Smoking is prohibited on the beach and in the swimming area. For visitors who smoke and still want to use the beach, designated areas adjacent to the beach are provided. The restriction includes:

Cigarettes
Pipes
Cigars
E-cigarettes
Other handheld, lighted, smoking devices

Wildlife Watching at Prince Gallitzin State Park

The diverse habitats of Prince Gallitzin State Park provide great opportunities for viewing wildlife. Please observe wildlife from a distance and do not feed wildlife.

The 1,635-acre Glendale Lake, with its 26 miles of shoreline, is home to many species of fish, birds, and animals.

Wyerough Branch and the upper reaches of Slatelick and Mudlick branches are covered in wetland plants and are a good places to see:

Ducks
Herons
Rails
During the spring and fall, waterfowl stop at the lake to rest on their migrations north and south.

The forests of the park are excellent for seeing many species of birds, especially warblers and vireos.

The fields in the park are excellent for seeing butterflies. Prince Gallitzin State Park, in cooperation with the Pennsylvania Game Commission, has begun to enhance the Headache Hill area to improve wildlife diversity and create wildlife viewing areas.

Boating at Prince Gallitzin State Park

up to 20 hp motors permitted

The 1,635-acre Glendale Lake has nine public boat launching areas conveniently located throughout the park, along with three public mooring facilities for:

Sailboats
Pontoon boats
Runabouts
Marina slips are available at Beaver Valley and at Prince Gallitzin marinas.

Fishing at Prince Gallitzin State Park

The 1,635-acre Glendale Lake is a warmwater fishery.

The common gamefish are:

Bass
Pike
Muskellunge
Crappie
Bluegill
Perch
Killbuck Run is stocked with trout.

This activity or structure is ADA accessible. A fishing pier for people with disabilities is at Pickerel Pond.

Ice Fishing
The 1,635-acre Glendale Lake is popular for ice fishing. Common species caught through the ice are:

Perch
Walleye
Pike
Crappie
Ice thickness is not monitored.

Hunting at Prince Gallitzin State Park

During established seasons, about 5,900 acres are open to:

Hunting
Trapping
Training of dogs
Common game species are:

Deer
Turkey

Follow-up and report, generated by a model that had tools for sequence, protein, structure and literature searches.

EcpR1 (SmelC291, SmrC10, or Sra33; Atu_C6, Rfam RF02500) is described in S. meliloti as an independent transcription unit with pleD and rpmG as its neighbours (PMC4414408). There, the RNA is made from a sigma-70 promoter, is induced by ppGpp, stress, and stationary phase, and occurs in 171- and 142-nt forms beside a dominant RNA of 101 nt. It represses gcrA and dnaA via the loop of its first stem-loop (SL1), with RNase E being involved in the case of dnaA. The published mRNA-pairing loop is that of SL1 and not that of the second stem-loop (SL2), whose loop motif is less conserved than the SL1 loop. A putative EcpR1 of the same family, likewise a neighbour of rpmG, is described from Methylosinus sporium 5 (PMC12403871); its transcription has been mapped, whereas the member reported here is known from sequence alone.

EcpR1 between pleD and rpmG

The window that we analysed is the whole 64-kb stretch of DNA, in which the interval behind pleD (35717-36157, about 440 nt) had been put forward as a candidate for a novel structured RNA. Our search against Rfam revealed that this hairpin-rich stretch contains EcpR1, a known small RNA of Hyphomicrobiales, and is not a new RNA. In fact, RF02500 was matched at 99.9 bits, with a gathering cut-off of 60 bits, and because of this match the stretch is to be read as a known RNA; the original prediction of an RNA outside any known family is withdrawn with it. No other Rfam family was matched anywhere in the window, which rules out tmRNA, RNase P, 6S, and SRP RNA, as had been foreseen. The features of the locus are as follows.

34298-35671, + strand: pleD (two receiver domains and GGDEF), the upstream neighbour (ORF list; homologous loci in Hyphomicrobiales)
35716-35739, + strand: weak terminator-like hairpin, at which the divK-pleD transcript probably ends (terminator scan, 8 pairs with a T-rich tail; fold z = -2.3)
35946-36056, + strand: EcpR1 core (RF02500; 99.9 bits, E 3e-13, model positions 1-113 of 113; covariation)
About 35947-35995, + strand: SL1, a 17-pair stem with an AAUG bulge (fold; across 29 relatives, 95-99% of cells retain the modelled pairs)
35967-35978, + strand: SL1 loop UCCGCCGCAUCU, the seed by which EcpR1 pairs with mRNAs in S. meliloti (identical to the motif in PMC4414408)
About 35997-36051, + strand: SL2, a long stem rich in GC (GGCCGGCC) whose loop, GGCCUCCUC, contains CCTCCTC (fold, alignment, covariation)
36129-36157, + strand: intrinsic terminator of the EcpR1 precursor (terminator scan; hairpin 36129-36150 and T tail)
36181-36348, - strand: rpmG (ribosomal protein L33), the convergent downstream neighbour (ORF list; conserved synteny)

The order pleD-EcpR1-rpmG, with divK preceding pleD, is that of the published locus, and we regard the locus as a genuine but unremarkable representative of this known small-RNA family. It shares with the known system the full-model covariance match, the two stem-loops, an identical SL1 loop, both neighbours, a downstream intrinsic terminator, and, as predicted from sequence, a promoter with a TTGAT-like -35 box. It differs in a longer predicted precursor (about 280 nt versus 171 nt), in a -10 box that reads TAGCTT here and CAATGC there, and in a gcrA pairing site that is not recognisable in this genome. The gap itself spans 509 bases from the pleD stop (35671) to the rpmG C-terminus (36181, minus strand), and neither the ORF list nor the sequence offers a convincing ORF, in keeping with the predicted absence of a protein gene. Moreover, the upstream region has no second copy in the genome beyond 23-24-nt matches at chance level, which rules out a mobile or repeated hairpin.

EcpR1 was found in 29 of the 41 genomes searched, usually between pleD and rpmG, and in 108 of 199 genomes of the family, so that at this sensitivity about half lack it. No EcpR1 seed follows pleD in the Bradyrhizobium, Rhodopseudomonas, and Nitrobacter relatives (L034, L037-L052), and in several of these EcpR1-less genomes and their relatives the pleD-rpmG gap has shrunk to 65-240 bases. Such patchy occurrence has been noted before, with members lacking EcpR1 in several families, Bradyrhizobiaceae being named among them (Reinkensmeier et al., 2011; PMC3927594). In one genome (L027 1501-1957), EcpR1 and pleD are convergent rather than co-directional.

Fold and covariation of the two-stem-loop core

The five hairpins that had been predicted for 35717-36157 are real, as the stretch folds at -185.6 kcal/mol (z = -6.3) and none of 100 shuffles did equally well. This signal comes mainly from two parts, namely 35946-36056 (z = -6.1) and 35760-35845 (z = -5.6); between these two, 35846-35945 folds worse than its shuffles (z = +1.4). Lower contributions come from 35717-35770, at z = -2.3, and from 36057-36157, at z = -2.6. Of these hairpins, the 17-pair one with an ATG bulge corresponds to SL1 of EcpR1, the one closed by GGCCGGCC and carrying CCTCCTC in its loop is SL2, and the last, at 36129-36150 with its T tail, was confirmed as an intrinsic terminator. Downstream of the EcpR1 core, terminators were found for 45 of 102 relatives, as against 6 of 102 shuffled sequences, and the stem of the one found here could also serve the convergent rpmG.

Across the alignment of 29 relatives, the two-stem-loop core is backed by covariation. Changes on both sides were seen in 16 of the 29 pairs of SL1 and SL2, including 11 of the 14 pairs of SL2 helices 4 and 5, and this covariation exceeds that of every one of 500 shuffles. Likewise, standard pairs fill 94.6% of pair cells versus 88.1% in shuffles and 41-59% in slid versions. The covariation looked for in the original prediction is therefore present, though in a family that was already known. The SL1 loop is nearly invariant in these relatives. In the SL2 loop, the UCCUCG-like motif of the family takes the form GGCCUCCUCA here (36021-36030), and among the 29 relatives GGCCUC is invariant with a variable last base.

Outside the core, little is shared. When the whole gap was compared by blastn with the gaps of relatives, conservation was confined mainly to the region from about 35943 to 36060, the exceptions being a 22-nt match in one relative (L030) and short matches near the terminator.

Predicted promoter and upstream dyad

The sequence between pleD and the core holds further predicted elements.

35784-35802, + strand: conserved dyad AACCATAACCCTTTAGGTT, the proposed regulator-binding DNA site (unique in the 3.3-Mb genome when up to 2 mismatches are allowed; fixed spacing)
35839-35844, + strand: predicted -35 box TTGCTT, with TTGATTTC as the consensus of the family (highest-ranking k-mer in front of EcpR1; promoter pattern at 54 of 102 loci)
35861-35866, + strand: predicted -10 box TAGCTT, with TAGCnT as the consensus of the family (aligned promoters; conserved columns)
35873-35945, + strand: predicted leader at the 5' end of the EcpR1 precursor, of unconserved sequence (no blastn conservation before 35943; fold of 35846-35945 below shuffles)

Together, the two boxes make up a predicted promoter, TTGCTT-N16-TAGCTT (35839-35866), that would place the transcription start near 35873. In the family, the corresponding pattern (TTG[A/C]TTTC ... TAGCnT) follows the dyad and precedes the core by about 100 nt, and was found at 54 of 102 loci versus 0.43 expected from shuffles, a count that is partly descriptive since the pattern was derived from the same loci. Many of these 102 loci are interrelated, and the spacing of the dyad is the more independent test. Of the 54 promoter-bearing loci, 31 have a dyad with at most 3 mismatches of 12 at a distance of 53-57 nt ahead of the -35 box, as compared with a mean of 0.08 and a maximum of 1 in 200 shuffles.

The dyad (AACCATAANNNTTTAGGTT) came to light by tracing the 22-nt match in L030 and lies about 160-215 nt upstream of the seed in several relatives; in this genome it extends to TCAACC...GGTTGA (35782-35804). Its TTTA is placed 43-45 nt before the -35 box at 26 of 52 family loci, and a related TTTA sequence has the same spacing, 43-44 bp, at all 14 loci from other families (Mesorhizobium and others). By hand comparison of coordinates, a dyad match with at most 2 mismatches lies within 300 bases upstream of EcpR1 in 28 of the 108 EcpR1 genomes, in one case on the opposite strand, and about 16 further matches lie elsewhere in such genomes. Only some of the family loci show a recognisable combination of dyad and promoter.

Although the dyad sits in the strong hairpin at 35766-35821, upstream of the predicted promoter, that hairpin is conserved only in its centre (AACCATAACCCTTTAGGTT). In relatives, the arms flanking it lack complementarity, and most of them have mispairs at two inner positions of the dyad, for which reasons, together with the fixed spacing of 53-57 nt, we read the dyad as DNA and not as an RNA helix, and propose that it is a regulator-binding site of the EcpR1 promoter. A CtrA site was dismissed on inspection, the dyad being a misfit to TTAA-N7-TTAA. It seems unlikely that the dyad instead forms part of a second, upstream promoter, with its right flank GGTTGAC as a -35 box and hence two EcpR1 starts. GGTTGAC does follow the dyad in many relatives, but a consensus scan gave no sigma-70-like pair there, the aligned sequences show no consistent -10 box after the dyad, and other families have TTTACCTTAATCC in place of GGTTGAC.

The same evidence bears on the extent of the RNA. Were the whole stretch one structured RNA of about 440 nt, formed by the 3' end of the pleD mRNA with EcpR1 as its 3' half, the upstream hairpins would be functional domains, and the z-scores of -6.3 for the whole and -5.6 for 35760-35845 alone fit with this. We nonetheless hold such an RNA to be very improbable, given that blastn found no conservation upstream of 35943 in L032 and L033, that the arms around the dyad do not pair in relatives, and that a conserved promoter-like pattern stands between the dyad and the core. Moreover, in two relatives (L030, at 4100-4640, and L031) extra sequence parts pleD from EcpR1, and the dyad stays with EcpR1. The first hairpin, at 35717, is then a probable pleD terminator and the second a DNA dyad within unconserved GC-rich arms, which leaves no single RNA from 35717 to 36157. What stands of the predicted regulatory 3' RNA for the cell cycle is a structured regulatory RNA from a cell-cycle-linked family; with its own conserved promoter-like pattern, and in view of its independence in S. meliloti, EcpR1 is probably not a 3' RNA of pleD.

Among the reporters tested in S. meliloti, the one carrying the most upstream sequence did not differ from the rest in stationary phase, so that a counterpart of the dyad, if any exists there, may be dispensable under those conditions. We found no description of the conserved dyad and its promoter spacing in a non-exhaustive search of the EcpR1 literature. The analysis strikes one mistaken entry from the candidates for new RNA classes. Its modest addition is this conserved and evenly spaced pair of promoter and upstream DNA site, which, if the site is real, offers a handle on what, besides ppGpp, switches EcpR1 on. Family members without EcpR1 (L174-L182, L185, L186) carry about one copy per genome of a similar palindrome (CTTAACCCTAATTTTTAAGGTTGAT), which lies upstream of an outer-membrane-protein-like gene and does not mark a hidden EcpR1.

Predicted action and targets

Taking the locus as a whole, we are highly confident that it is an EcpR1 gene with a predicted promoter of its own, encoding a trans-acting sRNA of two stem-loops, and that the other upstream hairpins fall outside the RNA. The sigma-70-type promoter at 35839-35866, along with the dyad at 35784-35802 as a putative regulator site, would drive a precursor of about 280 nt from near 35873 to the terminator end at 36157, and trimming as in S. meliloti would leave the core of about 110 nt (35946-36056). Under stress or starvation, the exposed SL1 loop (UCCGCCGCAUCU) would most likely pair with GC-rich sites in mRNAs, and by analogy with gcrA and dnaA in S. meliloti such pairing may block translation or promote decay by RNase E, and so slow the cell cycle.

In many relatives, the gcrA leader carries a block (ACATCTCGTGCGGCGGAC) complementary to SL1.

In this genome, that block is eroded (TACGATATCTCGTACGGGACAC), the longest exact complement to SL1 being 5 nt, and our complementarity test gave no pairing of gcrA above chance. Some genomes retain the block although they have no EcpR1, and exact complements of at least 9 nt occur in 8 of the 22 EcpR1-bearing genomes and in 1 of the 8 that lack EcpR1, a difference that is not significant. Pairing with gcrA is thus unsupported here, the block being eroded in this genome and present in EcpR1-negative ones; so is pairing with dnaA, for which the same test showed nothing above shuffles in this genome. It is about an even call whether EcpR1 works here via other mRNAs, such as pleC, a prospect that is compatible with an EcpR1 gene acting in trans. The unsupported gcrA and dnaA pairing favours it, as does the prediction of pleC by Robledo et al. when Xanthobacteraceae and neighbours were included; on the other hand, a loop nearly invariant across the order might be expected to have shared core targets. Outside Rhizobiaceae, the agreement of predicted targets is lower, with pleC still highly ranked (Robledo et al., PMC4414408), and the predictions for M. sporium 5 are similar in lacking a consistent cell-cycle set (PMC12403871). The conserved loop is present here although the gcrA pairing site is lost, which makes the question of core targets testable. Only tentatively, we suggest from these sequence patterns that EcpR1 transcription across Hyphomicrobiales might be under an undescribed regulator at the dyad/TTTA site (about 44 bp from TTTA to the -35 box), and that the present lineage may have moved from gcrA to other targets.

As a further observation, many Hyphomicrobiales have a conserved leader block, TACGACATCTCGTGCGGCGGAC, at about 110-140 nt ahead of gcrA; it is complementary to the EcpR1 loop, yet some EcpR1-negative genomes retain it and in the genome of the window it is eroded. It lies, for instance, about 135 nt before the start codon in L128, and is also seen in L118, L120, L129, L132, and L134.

Small game
Hunting woodchucks, also known as groundhogs, is prohibited. Dog training is only permitted from the day following Labor Day through March 31 in designated hunting areas.

DCNR and the Pennsylvania Game Commission rules and regulations apply. Complete information about hunting rules and regulations in Pennsylvania is available from the Pennsylvania Game Commission.

This activity or structure is ADA accessible. Contact the park office for ADA accessible hunting information.

Biking at Prince Gallitzin State Park

2.3 miles of trails

All bicyclists may use park roads open to public travel. Campers may cycle the 2.3-mile multi-use trail around the perimeter of the campground.

Mountain Biking at Prince Gallitzin State Park

20 miles of trails

In the northern part of the park, the 20-mile snowmobile trail network is open for mountain biking and hiking.

Bikers should follow the rules of the road and common courtesies.

Horseback Riding at Prince Gallitzin State Park

All equestrian trails can be accessed from the Beaver Valley Marina upper parking lot.

Disc Golfing at Prince Gallitzin State Park

An eighteen-hole, disc golf course is located around the Muskrat Beach #2 day use area. The course wraps through varied terrain and provides challenging shots in wooded and field areas.

Score cards and course maps can be picked up at the bulletin board at the far right of the parking area next to Tee #1.

Scenic views of Glendale Lake and surrounding areas of the park provide a tranquil place to recreate after disc golfing.

Cross-country Skiing at Prince Gallitzin State Park

Seven miles of marked trails are available for this popular wintertime activity.

Snowmobiling at Prince Gallitzin State Park

Registered snowmobiles may use the 20-mile trail network.

Snowmobiles may be operated on designated trails and roads from the day following the last deer season in December until April 1, weather permitting.